You may blow it

“Life is most risky when it is sweetest. That is when you can blow it.” (Romilia Quotes)

This is true. You are careful with your life when life is not easy; when you lack the means to live an easy life.

But when you have the means to live an easy life, it becomes very easy to derail; to think you can do whatever you like; and you start venturing into things that can destroy you.

At all times you should be level headed and more especially when life is going well for you.

It is a sign of both wisdom and maturity.

Do not blow it! You may blow your life.

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Till you reach

Once you are on the road,
And know your destination,
Don’t deviate,
Unless you have
A strong reason to do so;
Of course, it is so clear:
You cannot get to
Your destination if you
Take a wrong road;
And also if you stop going;
Many projects start off well,
But fail not because
They are doomed to fail,
But because the one concerned
Lost steam and gave up.
If you find yourself
Losing steam,
Renew it;
Don’t sit and let it go.
Always tell yourself,
Because it is true,
That many passed through
The same road.
You will always encounter
Low moments;
You will feel discouraged;
You will be tempted many times
To give up;
But, if you want to win,
There is only one way:
Keep going;
If you lose steam,
Renew it;
Re-energize;
And keep on
Till you reach the winning point.

What do you do?

If you get confused,
What to you do?
Take positive action.
If you get tired,
What do you do?
Take positive action.
If you feel lonely,
What do you do?
Take positive action.
If life is not going
What do you do?
Take positive action.
If you meet obstacles
On your path,
What do you do?
Take positive action.
If your spirits are low
What do you do?
Take positive action.
If you miss your flight,
What do you do?
Take positive action.
Whatever is happening,
Or not happening to you,
Take positive action,
Positive action
Will bring
Positive results;
Always
Take positive action.

Watch your words

How do your words
Impact those
Who listen to you?
Are they inspiring
Or dispiriting?
Do they uplift them
Or put them down?
Do they edify
Or mortify?
Your words should be inspiring,
Not dispiriting;
Your words should uplift;
Not make them downcast;
Your words should edify
Not mortify them;
Make them upbeat,
Not downbeat.
Yes, you must watch
Your words;
Watch the words you use.

Making The Bed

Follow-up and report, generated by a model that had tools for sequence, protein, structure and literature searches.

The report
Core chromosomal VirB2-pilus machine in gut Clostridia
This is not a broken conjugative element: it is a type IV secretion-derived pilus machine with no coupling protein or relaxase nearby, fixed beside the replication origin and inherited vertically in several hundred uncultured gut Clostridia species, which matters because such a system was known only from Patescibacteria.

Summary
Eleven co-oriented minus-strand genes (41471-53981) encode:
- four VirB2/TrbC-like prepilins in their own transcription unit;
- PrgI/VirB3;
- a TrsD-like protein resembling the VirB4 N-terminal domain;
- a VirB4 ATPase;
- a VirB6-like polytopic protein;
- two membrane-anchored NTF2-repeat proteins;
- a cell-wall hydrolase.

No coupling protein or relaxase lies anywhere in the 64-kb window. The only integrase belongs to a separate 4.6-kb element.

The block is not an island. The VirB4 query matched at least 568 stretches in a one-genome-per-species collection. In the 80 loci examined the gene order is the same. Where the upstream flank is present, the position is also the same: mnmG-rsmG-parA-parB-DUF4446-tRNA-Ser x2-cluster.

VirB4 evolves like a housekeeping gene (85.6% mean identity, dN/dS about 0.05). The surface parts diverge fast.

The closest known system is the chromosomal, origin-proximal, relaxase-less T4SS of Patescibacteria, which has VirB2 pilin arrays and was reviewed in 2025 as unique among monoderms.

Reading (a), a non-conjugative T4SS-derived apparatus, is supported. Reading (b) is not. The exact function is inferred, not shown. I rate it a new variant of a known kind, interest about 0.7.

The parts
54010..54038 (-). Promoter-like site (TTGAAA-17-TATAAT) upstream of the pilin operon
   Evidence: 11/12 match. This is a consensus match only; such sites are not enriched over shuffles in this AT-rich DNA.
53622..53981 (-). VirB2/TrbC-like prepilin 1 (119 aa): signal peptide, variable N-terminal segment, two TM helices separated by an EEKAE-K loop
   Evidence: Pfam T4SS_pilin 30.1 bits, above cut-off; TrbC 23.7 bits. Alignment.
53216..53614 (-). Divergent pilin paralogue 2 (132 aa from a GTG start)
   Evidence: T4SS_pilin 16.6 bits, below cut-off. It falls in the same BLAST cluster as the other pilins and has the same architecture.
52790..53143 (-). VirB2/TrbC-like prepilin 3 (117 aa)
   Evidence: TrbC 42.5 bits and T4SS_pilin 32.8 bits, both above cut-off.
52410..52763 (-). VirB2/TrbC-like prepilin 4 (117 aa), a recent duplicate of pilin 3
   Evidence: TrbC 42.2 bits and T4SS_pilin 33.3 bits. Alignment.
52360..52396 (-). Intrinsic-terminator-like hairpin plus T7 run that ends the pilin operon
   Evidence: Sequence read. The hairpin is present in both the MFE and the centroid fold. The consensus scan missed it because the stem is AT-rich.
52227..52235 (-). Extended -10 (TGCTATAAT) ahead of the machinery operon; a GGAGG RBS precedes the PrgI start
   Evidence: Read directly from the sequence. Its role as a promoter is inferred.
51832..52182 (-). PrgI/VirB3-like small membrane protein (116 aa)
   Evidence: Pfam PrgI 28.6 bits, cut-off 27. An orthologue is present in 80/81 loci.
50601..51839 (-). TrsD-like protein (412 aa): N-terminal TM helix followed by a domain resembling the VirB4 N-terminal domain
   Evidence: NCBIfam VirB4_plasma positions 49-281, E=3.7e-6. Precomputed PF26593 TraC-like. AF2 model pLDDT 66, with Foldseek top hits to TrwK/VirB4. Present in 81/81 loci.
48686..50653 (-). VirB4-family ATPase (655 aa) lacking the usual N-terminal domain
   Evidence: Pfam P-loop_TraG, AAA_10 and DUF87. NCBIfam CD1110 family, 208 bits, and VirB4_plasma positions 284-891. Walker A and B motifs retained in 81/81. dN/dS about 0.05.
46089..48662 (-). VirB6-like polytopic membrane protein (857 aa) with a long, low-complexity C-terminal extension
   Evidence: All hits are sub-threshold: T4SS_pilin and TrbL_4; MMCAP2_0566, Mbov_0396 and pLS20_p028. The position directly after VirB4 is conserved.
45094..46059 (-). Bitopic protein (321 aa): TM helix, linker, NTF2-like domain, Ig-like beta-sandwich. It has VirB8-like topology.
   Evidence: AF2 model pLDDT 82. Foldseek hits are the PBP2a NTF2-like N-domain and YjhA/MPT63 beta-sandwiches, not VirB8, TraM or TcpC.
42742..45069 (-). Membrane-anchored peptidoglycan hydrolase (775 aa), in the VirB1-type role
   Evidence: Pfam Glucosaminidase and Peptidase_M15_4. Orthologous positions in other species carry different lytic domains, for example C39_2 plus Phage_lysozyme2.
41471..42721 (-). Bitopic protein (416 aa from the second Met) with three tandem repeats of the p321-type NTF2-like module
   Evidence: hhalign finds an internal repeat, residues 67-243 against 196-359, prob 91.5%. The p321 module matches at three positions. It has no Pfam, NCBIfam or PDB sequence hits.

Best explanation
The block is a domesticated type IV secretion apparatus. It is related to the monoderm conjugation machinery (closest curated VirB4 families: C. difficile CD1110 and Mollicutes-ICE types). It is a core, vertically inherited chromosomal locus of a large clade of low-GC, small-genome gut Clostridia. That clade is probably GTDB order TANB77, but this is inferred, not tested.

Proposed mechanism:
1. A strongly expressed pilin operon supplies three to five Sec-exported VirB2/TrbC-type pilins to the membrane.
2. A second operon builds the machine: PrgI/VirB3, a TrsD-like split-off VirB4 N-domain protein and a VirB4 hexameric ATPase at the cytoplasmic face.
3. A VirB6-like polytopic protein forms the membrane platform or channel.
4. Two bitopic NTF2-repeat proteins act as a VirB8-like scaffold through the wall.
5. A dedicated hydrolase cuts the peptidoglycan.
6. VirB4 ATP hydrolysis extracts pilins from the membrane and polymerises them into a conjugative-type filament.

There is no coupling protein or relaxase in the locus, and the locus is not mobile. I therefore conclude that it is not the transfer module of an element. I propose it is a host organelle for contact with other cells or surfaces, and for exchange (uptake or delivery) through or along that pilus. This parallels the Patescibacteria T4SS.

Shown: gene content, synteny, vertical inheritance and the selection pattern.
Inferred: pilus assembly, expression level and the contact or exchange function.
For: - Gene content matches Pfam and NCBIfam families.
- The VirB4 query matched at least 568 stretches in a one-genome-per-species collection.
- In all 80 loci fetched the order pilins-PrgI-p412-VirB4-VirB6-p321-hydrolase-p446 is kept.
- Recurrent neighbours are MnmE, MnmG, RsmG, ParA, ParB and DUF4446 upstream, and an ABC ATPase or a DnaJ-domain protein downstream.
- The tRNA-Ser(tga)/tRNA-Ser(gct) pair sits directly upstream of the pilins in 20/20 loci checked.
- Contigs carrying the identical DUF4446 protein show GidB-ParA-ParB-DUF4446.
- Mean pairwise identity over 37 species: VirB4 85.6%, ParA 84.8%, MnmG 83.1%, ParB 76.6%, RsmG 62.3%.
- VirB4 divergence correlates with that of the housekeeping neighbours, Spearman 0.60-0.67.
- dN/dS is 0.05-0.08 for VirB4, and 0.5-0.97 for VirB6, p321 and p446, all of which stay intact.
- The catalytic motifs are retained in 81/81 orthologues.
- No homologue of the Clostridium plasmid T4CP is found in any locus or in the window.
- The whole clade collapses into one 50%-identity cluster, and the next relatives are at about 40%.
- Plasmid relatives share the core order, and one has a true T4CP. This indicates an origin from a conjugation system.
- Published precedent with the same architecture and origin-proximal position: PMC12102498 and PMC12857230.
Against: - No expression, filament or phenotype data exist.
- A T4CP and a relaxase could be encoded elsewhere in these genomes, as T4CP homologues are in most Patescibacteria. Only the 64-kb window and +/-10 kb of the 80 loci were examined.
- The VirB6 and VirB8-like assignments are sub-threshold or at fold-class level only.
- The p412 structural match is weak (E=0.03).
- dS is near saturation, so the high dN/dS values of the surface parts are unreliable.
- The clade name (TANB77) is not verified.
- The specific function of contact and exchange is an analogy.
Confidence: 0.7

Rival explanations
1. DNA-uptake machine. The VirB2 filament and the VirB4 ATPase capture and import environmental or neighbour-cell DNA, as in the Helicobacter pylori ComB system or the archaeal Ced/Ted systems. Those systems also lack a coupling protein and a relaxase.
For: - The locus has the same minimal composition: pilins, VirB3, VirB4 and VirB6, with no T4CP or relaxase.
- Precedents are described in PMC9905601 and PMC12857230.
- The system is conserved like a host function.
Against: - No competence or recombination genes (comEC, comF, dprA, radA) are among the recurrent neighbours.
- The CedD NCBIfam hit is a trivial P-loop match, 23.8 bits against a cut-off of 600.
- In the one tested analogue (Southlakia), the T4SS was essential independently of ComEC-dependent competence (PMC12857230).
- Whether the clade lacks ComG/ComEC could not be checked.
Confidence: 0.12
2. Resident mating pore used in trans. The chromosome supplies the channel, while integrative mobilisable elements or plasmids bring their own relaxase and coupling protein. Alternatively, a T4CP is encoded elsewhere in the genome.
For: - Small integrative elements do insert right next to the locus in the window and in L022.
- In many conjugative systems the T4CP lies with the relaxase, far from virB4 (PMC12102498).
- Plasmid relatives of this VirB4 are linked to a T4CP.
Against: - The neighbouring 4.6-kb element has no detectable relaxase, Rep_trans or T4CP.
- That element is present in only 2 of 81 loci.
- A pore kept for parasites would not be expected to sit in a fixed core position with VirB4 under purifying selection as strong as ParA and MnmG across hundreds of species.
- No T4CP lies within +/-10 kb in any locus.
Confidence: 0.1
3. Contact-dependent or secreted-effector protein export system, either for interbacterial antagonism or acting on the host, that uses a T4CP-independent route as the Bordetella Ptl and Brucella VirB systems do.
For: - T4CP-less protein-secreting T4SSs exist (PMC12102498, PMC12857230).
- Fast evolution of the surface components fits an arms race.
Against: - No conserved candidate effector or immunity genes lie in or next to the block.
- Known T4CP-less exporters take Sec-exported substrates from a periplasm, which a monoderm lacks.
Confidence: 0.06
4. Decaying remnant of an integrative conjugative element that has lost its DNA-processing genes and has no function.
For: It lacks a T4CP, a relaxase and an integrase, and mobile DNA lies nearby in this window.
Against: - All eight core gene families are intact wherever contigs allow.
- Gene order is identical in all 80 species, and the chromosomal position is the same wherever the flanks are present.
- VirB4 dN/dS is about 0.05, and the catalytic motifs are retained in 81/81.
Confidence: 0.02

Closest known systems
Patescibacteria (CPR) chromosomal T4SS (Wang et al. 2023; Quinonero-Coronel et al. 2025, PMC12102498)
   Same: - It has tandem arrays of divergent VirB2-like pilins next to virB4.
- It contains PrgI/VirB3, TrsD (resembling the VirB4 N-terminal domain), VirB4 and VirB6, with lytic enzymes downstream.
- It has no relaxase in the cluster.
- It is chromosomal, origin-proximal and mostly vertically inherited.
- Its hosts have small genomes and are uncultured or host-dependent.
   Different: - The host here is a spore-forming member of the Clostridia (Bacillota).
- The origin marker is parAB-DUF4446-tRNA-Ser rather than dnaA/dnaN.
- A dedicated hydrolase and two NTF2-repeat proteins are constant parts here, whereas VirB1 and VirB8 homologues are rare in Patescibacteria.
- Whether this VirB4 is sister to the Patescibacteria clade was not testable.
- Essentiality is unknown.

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This is my bed. It is a black metal futon frame with a Full size mattress on it. The futon came with a typical futon mattress and for over two years I slept on the futon mattress (though I added a foam eggshell mattress topper).

Realized several years ago my mental health is going down the tubes when my kitchen gets to be a mess. The kitchen is the one room in the house I need to have clean. I can have piles of papers and clean and dirty clothes but if there are piles of dishes in the sink and the stove is not wiped off then something is wrong.

More recently I have discovered how much making my bed affects my mental state. My grandmother used to always make her bed. She made mine too, and tried to get me to make my own bed when I was old enough. My grandparent’s bed had a bed skirt and everything. It was a Queen size bed. Box Spring, mattress,  and a wooden headboard.  The Headboard matched the dresser and both were given to my grandparent’s as a gift from some of the parishioners of one of the Churches Grandfather served.

My grandmother had a hand embroidered Quilt Set. It was white with a blue cornflower motif. The bed skirt, top quilt, and several throw pillows made up the set. She would make the bed as most people do.  Fitted sheet, Top sheet, light cover (made for sleeping) and the decorative cornflower top quilt (not made for sleeping). She would finish it off with the decorative pillows.

Yeah, that isn’t me.  I learned from grandfather how to make hospital corners. My first job was a housekeeper at a Days Inn. So I made plenty of beds….not necessarily my own. For a long time even sleeping with any type of sheet on the bed was a hit or miss. I don’t do Top sheets at all. I was staying at friend’s house and her parents had a sleeper sofa. To make it more comfortable her mom had put one of the crushed velveteen blankets under the fitted sheet. Then the Top sheet and the sleeping cover. No need for a decorative quilt on a sleeper sofa. Without the use of my CPAP I run marathons in my sleep. I turn to one side and then the other. One time I did a complete 180 in my bed and woke up where my feet had been when I went to sleep the night before. Anyway, the next day when my friend’s mom went to strip and remake the bed we discovered I had not only bunched up the top sheet under the cover but I had somehow manage to strip the velveteen blanket under the fitted sheet without removing the fitted sheet.

At this point in my life my bedding consist of a fitted sheet, the blanket you see on the bed in the photo and three body pillows–with pillow casings (another non consistent item in my bed making).  I added the only two throw pillows I have left which I care about. The Hello Kitty one I found while touring an empty apartment. It was in a really high cabinet which may or may not have had a rifle in it as well. The realtor agent never told me. The second throw pillow is in the color and has the House Crest of my favorite House in Harry Potter: Slytherin. The pillow was hand embroidered by a friend of mine who loves Harry Potter as much (or even more) than I do.

While my bed is simple to make, the act of making it, and of laundering sheets, pillowcases, and cover one a month or as needed, gives me sense of peace and order; starting my day off on the right note.